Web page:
Warning Signs and Examples of Broker Misconduct
Warning Signs of Broker Misconduct
There are certain activities in an account that are not advisable for most investors and should be considered warning signs of broker misconduct requiring closer attention. These include:
- An unusual amount of trade confirmations sent to your home;
- A dramatic change in your portfolio’s composition;
- Pressure to act immediately on the purchase of an investment;
- A concentration of your portfolio into a single product;
- Large purchases of securities on margin;
- Switching between different mutual fund families or variable annuity contracts;
- Denied access to a branch manager or compliance officer;
- Account under-performance relative to the stock market; and
- Guarantee of investment return and protection against losses.
Examples of Broker Misconduct
Breach of Fiduciary Duty
A fiduciary duty requires a person to act in the best interest of their client, putting the client’s interests ahead of their own. It is the highest standard of duty implied by law. Investment advisers owe a fiduciary duty to their clients. Stockbrokers may owe a fiduciary duty to their customers, depending on the circumstances of the relationship.
Churning occurs when a broker engages in excessive trading in a customer’s investment account in an attempt to generate commissions.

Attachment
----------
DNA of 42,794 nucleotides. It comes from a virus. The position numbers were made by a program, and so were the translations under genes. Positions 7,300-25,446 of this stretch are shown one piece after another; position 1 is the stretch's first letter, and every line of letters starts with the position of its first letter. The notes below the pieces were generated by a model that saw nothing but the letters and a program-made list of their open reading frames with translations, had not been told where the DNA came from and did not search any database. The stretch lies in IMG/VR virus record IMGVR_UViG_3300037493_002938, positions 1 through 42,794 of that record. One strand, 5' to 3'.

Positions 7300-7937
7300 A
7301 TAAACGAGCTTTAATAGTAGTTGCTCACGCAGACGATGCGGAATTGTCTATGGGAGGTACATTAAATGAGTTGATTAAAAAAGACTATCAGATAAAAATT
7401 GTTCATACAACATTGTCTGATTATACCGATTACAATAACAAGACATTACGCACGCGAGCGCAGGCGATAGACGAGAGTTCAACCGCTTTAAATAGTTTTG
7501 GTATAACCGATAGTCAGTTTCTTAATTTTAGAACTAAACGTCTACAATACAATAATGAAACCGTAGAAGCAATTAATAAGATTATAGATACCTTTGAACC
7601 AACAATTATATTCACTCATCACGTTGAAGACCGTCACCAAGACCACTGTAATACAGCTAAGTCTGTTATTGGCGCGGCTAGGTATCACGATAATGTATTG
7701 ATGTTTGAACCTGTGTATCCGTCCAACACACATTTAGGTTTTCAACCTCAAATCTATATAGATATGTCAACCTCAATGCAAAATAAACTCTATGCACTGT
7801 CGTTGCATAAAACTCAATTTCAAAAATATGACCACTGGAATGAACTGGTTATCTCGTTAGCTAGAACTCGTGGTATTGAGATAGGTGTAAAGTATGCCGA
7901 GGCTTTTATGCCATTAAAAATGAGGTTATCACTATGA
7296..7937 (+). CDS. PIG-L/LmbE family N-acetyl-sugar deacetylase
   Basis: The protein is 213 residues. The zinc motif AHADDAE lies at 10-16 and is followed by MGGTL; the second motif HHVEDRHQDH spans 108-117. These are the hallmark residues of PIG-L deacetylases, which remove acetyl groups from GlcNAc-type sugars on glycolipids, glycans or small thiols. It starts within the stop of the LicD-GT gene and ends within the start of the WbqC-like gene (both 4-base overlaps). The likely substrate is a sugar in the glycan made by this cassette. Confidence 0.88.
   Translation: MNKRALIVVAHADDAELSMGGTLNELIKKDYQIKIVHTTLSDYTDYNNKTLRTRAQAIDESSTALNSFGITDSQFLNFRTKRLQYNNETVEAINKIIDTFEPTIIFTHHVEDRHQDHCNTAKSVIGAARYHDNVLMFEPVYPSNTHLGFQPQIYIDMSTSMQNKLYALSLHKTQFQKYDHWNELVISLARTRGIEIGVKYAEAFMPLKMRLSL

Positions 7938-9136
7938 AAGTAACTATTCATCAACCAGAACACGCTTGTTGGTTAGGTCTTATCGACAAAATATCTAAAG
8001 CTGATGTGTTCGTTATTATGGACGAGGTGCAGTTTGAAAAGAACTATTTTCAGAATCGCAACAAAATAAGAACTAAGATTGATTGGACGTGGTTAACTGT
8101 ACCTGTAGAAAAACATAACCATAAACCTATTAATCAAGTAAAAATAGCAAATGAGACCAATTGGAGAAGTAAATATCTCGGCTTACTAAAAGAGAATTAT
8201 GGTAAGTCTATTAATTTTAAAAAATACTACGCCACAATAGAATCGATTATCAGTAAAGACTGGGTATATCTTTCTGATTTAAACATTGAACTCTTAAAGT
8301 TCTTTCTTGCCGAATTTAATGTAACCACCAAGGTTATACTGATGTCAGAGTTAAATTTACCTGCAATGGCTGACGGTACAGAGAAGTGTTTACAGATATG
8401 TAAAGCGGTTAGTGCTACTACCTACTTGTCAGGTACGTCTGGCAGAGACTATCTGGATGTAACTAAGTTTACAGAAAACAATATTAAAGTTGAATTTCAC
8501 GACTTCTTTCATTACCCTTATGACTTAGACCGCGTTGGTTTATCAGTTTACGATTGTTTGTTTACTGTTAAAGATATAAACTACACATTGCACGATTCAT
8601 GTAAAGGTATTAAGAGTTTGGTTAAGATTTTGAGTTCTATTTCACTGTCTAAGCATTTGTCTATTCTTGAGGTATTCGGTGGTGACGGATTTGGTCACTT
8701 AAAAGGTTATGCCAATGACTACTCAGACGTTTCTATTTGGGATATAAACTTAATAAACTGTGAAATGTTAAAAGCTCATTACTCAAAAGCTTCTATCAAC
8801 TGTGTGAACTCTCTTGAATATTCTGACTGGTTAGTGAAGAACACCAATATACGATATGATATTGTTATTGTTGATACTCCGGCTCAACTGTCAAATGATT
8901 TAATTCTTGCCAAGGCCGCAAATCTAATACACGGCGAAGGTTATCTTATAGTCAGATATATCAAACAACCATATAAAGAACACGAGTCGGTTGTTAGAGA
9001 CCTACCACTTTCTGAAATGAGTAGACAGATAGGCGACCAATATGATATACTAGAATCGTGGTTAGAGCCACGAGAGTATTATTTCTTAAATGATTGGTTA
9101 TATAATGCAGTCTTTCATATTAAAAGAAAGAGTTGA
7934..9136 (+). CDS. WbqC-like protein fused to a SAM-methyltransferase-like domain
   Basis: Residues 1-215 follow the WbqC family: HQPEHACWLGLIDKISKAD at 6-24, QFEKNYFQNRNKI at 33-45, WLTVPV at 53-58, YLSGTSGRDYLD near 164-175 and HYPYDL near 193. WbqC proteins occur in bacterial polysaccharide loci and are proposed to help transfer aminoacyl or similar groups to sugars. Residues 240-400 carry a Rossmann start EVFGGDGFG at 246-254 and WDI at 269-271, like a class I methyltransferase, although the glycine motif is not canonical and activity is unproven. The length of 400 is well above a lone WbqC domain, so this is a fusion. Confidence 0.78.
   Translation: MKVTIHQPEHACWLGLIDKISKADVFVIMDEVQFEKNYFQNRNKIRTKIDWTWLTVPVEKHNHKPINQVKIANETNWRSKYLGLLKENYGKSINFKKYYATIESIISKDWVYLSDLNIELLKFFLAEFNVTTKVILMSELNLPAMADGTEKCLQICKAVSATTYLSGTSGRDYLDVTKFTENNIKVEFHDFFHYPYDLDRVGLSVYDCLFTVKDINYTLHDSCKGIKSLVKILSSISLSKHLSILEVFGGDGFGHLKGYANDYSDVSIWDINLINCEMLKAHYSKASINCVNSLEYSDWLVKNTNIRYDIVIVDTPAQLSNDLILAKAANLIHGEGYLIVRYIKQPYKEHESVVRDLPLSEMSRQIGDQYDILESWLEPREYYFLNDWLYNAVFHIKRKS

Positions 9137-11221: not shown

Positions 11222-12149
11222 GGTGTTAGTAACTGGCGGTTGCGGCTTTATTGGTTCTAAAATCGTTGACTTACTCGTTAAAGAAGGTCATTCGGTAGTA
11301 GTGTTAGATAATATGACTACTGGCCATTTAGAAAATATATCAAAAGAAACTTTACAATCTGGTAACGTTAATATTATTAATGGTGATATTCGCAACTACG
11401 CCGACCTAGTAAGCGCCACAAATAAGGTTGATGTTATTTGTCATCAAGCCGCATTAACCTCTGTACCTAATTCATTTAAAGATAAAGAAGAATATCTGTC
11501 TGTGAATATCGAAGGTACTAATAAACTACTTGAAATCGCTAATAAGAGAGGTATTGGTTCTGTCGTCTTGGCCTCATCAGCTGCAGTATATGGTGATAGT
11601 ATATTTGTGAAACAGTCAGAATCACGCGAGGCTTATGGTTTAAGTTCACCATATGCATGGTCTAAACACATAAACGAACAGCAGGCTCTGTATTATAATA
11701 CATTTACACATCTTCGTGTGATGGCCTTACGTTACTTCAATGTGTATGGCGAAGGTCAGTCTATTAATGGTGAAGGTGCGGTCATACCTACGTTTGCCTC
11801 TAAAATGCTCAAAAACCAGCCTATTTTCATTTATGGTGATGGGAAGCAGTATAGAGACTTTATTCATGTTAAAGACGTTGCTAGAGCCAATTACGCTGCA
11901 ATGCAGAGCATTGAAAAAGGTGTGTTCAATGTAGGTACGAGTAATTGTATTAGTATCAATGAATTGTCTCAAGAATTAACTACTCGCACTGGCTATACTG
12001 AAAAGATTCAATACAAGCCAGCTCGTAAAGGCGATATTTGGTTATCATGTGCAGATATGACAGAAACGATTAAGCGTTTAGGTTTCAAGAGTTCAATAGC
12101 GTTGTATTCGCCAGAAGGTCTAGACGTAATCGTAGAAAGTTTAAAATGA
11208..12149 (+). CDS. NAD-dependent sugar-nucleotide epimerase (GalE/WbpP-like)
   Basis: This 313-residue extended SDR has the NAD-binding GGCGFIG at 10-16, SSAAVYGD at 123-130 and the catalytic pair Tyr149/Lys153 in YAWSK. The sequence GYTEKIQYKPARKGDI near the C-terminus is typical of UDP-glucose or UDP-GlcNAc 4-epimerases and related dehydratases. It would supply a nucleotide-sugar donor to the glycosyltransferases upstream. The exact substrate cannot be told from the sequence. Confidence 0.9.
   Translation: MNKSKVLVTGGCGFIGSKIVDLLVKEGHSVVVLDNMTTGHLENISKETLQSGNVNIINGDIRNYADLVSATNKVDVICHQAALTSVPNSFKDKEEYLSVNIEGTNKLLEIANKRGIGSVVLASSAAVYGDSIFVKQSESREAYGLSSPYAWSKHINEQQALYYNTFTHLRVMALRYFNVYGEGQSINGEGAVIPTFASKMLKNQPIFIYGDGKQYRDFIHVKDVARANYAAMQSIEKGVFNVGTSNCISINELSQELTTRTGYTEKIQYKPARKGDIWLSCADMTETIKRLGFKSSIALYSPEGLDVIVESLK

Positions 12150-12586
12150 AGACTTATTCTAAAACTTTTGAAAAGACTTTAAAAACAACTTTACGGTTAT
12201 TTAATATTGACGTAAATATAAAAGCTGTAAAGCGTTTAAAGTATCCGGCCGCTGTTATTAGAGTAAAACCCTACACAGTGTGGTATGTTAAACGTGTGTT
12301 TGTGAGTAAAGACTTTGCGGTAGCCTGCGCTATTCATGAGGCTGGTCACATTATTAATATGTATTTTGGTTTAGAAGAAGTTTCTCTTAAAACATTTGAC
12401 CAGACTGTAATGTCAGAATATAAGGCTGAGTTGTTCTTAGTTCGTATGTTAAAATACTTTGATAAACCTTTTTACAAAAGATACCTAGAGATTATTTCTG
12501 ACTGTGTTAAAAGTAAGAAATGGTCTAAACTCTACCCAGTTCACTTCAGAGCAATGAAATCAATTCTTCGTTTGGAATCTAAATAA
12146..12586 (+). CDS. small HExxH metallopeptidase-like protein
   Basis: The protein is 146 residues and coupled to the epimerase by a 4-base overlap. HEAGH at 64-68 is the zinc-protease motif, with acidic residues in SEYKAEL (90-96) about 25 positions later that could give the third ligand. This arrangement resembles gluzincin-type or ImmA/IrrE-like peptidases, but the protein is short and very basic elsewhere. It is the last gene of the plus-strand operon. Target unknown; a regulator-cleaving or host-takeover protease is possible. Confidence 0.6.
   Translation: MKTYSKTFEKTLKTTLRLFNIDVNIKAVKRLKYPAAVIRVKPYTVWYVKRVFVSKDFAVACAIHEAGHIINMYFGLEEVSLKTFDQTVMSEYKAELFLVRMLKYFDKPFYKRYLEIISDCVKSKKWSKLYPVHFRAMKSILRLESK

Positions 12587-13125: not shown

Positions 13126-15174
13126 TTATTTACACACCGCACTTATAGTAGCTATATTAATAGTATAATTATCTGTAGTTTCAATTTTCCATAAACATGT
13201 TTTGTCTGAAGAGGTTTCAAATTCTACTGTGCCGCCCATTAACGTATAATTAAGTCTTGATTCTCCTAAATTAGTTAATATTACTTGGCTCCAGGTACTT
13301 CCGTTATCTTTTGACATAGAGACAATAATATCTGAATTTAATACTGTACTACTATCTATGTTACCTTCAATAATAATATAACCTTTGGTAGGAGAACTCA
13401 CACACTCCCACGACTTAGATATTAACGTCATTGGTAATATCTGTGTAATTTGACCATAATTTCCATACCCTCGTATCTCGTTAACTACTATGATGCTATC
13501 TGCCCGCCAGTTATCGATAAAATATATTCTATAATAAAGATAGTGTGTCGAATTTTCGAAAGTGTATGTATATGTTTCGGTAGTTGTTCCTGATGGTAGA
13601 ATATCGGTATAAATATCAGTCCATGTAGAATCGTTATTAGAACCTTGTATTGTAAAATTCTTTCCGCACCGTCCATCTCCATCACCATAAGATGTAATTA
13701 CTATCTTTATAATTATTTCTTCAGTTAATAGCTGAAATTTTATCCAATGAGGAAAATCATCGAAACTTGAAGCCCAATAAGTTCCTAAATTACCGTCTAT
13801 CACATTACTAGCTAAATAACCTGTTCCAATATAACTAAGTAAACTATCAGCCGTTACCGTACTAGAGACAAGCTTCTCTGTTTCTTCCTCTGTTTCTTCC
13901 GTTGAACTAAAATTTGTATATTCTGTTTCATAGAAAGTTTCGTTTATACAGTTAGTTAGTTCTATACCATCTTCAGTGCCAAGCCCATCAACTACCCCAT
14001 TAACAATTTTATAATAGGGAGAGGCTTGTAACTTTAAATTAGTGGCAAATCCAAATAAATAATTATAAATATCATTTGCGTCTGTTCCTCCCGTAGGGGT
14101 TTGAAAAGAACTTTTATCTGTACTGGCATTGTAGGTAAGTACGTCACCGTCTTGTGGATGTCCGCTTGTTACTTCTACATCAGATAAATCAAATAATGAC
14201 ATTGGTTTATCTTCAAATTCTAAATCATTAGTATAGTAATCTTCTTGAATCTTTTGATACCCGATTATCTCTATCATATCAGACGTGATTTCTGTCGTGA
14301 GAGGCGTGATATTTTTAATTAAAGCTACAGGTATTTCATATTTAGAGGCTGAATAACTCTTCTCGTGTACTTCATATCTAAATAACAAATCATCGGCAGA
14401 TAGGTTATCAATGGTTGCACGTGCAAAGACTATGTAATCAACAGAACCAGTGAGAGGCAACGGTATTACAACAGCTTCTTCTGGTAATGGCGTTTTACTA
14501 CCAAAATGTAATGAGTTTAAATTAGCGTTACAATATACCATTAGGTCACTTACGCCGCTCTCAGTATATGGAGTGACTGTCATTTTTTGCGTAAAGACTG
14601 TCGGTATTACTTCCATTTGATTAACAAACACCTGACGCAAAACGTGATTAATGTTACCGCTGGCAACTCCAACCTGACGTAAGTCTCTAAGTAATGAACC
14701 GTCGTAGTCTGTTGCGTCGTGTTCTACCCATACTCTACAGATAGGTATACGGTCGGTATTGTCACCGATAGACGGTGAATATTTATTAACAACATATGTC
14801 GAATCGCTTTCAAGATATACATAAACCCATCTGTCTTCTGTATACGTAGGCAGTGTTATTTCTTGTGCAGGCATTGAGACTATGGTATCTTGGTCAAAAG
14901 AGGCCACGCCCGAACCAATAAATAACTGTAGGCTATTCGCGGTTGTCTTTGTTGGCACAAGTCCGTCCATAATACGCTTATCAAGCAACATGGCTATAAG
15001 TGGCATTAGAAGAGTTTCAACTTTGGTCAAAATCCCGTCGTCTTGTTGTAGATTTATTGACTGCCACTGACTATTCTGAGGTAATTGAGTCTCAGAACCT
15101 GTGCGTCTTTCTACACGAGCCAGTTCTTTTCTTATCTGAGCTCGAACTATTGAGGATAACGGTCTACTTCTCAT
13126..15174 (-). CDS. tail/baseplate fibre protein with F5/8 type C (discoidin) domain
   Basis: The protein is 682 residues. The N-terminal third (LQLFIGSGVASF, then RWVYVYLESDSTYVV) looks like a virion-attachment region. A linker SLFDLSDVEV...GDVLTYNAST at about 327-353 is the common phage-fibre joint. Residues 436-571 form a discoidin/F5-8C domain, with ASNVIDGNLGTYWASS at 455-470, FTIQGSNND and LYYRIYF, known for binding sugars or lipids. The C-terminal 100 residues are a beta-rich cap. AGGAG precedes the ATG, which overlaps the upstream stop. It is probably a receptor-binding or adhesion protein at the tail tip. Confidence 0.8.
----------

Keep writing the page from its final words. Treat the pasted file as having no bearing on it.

Failure to Supervise
Brokerage firms have obligations pursuant to their own policies and procedures, as well as FINRA rules to supervise the activities of their brokers and firm. This duty includes:
- the review of each transaction submitted by the broker to place a trade in a customer’s account;
- the review of transactions in a customer’s account to determine whether the transactions are in accordance with the client’s investment objectives;
- the review of incoming and outgoing correspondences;
- the review of accounts to determine if trading in a customer’s account is excessive; and
- making sure brokers are not conducting outside securities transactions (selling away).
If the firm fails to investigate such broker misconduct and/or allows it to take place, the firm may be held liable for its failure to supervise its employees.